‘That’s why we need a mass transit system’ - Bristol named as the third most congested city in the UK

Mayor Marvin Rees says a mass transit system would ‘offer the basis of that chapter of change for public transport that we need’

<p>Bristol is the third most congested city in the UK. Cars queue along Upper Maudlin Street</p>

Bristol is the third most congested city in the UK. Cars queue along Upper Maudlin Street

For anyone who travels in their car on the Bath Road or M32 into Bristol each day, this will not shock you.

Bristol has been named the UK’s third most congested city by traffic data company INRIX.

Despite having a population of fewer than 500,000 people, the average driver in the city spends more time in queues than in Birmingham or Manchester, according to a travel report by the company.

The data also shows that, despite congestion dropping when the country was in lockdown last year, queues are returning to city roads as people appear to be using their cars again.

It is a blow for environmental groups in the city which hoped commuters and shoppers would take up public transport as offices and shops reopened this year.

INRIX said the average driver will spend an estimated 66 hours behind the wheel in traffic in Bristol this year, losing £578 as a result.

Just London and Cambridge saw motorists wait longer in congestion.

How did we get to this?

Go back to before the Second World War and the city had an extensive tram system linking most of the areas of the city. There were 17 routes in total, but these began to close when operations were damaged during the war, with the final service in 1941.

Despite the demise of the trams, the city still did have a good railway network linking many inter-city stations.

But again, lines were closed as part of Dr Beeching cuts in the late 1960s. The Midland Railway, now the Bristol and Bath Railway Path, was among the victims.

It has left a growing population depending on the remaining train services, buses and, of course, cars - unless people cycle, walk or run.

Asked about congestion at his recent press conference, Mayor Marvin Rees said: “The problems we have today with congestion are not things that developed five years ago - these are a product of 50 years of a failure to plan Bristol.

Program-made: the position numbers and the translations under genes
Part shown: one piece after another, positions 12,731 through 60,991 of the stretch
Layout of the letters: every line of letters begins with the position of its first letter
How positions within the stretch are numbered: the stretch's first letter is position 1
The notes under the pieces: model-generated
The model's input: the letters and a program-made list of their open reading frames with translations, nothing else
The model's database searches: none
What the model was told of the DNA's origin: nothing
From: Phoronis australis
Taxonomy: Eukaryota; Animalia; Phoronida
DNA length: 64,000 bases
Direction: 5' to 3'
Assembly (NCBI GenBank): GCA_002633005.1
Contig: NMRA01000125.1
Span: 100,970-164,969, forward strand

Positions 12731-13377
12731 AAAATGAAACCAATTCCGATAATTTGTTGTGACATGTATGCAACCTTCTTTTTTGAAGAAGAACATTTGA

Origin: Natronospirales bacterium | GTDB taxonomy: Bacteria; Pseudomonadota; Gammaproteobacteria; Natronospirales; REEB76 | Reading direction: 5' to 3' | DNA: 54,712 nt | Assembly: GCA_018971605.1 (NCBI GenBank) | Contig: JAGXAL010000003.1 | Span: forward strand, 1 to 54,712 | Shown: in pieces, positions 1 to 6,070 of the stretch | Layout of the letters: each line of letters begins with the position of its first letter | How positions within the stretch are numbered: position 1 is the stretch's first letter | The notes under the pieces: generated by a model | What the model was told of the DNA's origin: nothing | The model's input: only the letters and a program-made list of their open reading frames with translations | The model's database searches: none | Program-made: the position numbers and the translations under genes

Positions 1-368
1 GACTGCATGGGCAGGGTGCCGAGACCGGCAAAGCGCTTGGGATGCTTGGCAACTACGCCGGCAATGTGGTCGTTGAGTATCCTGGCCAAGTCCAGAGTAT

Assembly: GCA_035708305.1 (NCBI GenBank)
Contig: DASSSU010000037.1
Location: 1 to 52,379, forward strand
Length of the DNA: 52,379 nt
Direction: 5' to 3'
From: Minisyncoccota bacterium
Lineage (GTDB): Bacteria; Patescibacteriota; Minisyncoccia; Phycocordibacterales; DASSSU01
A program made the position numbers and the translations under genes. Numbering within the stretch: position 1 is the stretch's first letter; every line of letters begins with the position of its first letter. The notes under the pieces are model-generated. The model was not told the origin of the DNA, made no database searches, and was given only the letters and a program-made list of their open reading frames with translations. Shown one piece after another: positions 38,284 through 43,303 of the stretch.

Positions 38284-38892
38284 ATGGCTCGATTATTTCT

“They are coming to fruition today, and they have been compounded by covid.”

Why are people returning to their cars

Compared to the estimated 66 hours people will have lost in traffic in Bristol this year, last year motorists spent 37 hours in queues.

This increase this year, Inrix say, is down to people returning to the roads after months of remote and hybrid working in 2020.

Shops have also reopened for people to drive to city centres for again.

Gus Hoyt, who was assistant mayor under George Ferguson and is a Green Party member, said in Bristol ‘the car has been allowed to rule supreme’.

He said despite the city being green, it was also known for its personal freedoms.

He said: “People’s addiction to their cars and their belief that car ownership is separate to the problems of congestion, air pollution and pavement parking only makes matters worse.”

Green councillor Heather Mack said the issue lay with the current transport system.

She said: “I think our transport infrastructure has been neglected. We haven’t been prioritising sustainable transport options.

“The clear air zone initiative has been delayed several times. We need faster action on these problems.”

What is causing the congestion?

Self-employed courier Marc Archibald blamed new traffic restrictions for the congestion in Bristol.

He claimed the bus gate at Bristol Bridge and partial closure of Baldwin Street means he has to do an extra 3.4 miles each week.

He also cited the city’s cycle lanes as part of the problem.

He said: “It seems to be the agenda in Bristol to hate cars - they’re closing down the city.”

He added that if bus prices were cheaper, and the services more reliable, then more people would use them.

What is the solution?

Mayor Marvin Rees gave a solution - a mass transit system.

The scheme would include major bus and rail upgrades as well as a underground and overground network.

There would also be segregated rapid bus routes and new railway stations as part of the scheme, which could take up to 15 years to build.

A £1.5 million investment was made into exploring the idea earlier this year.

Map of how the mass transit system for Bristol could look like

Asked about congestion in the city, Mr Rees said: “That’s why we need a mass transit system, and that’s why we’ve been pushing for a mass transit system and going through the process.

“A mass transit system would offer the basis of that chapter of change for public transport that we need.

“Because that congestion is happening in a city of 465,000 people today, we’re going to be 550,000 by 2050 so we’ve got to get it in place.”

Other measures being taken, said Mr Rees were bus prioritisation routes in the city, including the bus gate on Bristol Bridge, partial closure of Baldwin Street and plans to improve the speed of the number 2 bus route through the city.

He added: “So we are making those interventions across the city to help peoples movement on to public transport.”

He also said it was important new housing was located on brownfields areas within walking and cycling distance of people’s ‘needs’.

What do you think the solution is to congestion problems in Bristol? Email [email protected]